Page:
Poland is well known for its historical cities like Krakow, Warsaw, Gdansk and Wroclaw. But there is more to the country than just historical monuments and cultural heritage. There are 23 National Parks across the country that have stunning scenery and amazing wildlife undisturbed. All the parks are scenic getaways with diverse landscapes that are perfect for all nature lovers, outdoor enthusiasts and those who want to explore the natural beauty of Poland. And some of those natural treasures are unique that you can’t find anywhere else. Let’s just have a look at these natural wonders in Poland! ?

Crooked Forest

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In north-western Poland, close to the German border, there’s a grove of 400 oddly-shaped pine trees that were planted in the village located 40 km south of Szczecin. Each pine tree bends sharply and kind of looks like shepherd’s crooks, all pointing in the same direction — north. The strange shape of the grove earned it the title of “The Crooked Forest” and became one of the nine most amazing forests in the world (according to Daily Mail). Visitors from all over the world come to admire this magical scenery and immerse themself in nature. So far, there is no definitive answer that can explain this phenomenon.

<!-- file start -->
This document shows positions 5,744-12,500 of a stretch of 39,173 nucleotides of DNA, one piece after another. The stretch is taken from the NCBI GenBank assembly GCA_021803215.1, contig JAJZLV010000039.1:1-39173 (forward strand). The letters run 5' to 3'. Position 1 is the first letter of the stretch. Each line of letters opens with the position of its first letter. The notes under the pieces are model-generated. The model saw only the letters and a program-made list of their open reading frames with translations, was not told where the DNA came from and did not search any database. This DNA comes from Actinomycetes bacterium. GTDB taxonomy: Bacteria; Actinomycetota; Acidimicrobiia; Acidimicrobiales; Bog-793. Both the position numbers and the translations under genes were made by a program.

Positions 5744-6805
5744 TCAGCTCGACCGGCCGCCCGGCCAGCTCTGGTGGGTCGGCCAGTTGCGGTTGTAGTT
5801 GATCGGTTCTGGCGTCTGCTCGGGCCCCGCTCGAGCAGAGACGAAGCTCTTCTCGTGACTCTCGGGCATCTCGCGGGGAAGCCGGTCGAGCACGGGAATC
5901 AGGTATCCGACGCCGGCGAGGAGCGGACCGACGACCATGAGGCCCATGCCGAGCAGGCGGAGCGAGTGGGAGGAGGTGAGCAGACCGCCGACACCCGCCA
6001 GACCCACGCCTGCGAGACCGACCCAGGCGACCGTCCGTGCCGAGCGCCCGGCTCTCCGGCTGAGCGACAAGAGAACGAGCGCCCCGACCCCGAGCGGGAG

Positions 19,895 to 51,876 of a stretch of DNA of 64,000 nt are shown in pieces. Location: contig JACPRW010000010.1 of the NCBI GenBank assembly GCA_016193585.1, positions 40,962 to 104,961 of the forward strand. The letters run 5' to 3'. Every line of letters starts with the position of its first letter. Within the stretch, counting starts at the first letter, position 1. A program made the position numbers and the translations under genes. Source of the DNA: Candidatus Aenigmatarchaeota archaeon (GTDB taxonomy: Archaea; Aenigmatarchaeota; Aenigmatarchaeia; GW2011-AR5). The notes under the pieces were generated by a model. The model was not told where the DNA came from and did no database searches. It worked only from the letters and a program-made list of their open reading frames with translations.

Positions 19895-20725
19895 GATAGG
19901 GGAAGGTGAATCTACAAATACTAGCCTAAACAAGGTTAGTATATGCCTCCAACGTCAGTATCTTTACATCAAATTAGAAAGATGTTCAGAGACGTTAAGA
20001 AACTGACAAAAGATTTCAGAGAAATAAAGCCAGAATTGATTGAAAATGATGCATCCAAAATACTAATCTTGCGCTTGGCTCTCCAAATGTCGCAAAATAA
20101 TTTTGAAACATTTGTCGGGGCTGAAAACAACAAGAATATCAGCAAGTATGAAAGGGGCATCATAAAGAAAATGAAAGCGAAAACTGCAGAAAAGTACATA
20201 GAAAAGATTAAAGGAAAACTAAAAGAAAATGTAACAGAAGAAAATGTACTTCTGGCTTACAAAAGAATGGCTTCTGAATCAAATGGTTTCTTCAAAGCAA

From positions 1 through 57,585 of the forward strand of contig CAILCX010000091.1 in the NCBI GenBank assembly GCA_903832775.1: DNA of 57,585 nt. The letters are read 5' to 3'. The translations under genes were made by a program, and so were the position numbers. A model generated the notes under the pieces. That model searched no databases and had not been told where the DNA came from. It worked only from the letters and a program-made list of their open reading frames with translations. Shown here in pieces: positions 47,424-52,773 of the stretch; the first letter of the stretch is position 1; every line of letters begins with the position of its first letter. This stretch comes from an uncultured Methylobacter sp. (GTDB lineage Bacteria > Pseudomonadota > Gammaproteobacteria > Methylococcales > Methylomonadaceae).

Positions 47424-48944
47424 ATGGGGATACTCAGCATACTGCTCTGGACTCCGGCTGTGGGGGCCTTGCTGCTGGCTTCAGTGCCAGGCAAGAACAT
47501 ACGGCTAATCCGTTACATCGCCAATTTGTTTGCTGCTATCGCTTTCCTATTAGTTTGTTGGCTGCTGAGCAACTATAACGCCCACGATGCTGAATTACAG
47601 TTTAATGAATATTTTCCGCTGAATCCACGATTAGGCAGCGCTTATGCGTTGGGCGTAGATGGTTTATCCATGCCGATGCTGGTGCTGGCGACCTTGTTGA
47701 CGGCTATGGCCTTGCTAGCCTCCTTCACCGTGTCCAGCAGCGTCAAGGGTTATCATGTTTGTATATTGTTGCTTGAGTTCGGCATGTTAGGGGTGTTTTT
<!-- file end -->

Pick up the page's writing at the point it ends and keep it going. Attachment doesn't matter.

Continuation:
Moving sand dunes

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The moving sand dunes lie between Lake Łebsko and the Baltic Sea and are well known for being one of the largest of their kind in Europe. It’s probably the biggest attraction of Słowiński National Park. Sand deposited by the sea first settles on the beach and then, propelled by winds, shifts to the Łebska Spit, creating a stunning desert landscape with dunes 30-40 meters high. Climbing up the Rowokół hill, the highest peak of the park, you can take in the sweeping views from the watchtower.

Morskie Oko lake

morskie oko lake

Morskie Oko lake, which means “Eye of the Sea” in English, is the largest lake in the Tatra Mountains that can be found in the scenic Tatra National Park. Gaze into Lake Morskie Oko and admire the reflection of the highest polish peak (Rysy, reaching 2,503 m) on the surface. This blue-green alpine lake is truly a wonder of nature, which is formed during the sculpting processes of the last ice age, in which you can easily find trout through the clear water.

Błędów desert

Błędów desert

Dubbed the Polish Sahara, the Błędów Desert is an improbable area of shifting sands that spreads over 32 square kilometers on the Silesian Highlands in the Lesser Poland Voivodeship. Błędów Desert is the biggest desert in Central Europe that was deposited thousands of years ago by a melting glacier. Although it’s viewed as a marvel of nature, the Błędów Desert was rather a result of human activity.